How are missings represented in R?




Most obvious answer to the title is that missings are represented with NA in R. Dummy data:

x <- c("a", "NA", "<NA>", NA)

We can transform all elements of x to characters using x_paste0 <- paste0(x). After doing so, the second and fourth elements are same ("NA") and to my knowledge this is why there is no way to backtransform x_paste0 to x.


But working with addNA indicates that it is not just the NA itself that represents missings. In x only the last element is a missing. Let’s transform the vector:

x_new <- addNA(x)
[1] a    NA   <NA> <NA>
Levels: <NA> a NA <NA>

Interestingly, the fourth element, i.e. the missing is shown with <NA> and not with NA. Further, now the fourth element looks same as the third. And we are told that there are no missings because when we try any( we get FALSE. At this point I would have thought that the information about what element is the missing (the third or the fourth) is simply lost as it was in x_paste0. But this is not true because we can actually backtransform x_new. See:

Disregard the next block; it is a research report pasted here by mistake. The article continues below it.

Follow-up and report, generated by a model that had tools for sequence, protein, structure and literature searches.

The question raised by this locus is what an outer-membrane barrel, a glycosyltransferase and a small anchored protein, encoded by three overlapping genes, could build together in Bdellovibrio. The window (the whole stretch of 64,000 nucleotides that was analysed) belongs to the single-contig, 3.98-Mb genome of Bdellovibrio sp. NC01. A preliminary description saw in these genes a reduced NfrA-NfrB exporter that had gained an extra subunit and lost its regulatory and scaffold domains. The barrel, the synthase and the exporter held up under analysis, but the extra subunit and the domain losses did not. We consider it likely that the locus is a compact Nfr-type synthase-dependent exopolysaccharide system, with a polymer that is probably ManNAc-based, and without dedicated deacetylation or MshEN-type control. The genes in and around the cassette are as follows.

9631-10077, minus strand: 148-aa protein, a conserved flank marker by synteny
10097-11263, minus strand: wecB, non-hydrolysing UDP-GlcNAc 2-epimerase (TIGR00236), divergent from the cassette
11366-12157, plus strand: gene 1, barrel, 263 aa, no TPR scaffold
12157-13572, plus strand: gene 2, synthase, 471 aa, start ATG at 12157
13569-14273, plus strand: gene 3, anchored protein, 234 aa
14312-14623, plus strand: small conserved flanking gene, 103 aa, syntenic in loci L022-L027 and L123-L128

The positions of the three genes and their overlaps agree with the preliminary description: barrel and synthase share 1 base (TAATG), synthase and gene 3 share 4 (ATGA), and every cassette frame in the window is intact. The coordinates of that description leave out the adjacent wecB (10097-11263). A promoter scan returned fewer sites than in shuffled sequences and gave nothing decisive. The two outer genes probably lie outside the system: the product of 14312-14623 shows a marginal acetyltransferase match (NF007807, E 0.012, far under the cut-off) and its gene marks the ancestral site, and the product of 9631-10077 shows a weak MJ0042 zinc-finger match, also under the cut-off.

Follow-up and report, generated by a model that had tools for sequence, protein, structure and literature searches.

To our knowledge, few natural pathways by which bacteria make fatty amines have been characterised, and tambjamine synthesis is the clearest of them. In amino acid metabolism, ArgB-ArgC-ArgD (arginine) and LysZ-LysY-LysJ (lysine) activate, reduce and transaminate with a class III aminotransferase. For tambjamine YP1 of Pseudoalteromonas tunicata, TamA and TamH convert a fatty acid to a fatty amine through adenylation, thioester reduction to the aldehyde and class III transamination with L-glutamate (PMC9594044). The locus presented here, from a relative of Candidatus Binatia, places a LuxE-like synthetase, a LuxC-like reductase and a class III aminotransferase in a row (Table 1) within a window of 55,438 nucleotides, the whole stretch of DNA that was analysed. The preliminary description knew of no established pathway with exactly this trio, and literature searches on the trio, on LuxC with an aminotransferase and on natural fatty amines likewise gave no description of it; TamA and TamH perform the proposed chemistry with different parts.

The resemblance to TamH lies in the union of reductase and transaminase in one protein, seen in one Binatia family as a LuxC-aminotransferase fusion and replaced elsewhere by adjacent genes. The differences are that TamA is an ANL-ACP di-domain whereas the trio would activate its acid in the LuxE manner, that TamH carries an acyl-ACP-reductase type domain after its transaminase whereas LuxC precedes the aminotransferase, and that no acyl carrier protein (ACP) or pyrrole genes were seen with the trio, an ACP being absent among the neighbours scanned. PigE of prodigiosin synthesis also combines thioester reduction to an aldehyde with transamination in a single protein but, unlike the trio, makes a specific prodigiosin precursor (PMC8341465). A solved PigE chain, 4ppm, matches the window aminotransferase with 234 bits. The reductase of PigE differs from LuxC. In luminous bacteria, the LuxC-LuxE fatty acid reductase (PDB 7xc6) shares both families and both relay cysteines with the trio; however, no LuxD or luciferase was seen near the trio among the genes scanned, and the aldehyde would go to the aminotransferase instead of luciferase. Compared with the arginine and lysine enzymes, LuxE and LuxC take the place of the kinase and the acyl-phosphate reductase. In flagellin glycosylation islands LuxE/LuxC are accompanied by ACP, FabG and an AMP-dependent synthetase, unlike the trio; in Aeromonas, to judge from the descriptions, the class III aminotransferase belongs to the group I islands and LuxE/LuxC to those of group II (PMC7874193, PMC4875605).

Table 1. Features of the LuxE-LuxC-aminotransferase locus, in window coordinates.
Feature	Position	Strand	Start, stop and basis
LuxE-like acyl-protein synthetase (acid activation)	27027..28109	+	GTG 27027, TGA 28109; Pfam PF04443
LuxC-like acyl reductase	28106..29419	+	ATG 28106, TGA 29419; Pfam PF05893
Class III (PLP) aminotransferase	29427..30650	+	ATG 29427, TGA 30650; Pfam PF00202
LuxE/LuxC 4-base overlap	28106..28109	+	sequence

[1] "a"    "NA"   "<NA>" NA

How does as.character know that the third element is "<NA>" and the fouth is an actual missing, i.e. NA?


That’s probably a uncleanness in the base:::print.factor() method.

x <- c("a", "NA", "<NA>", NA)

# [1] a    NA   <NA> <NA>
# Levels: <NA> a NA <NA>


# [1] "<NA>" "a"    "NA"   NA    

So, there are no duplicated levels.

Answered By – jay.sf

This Answer collected from stackoverflow, is licensed under cc by-sa 2.5 , cc by-sa 3.0 and cc by-sa 4.0

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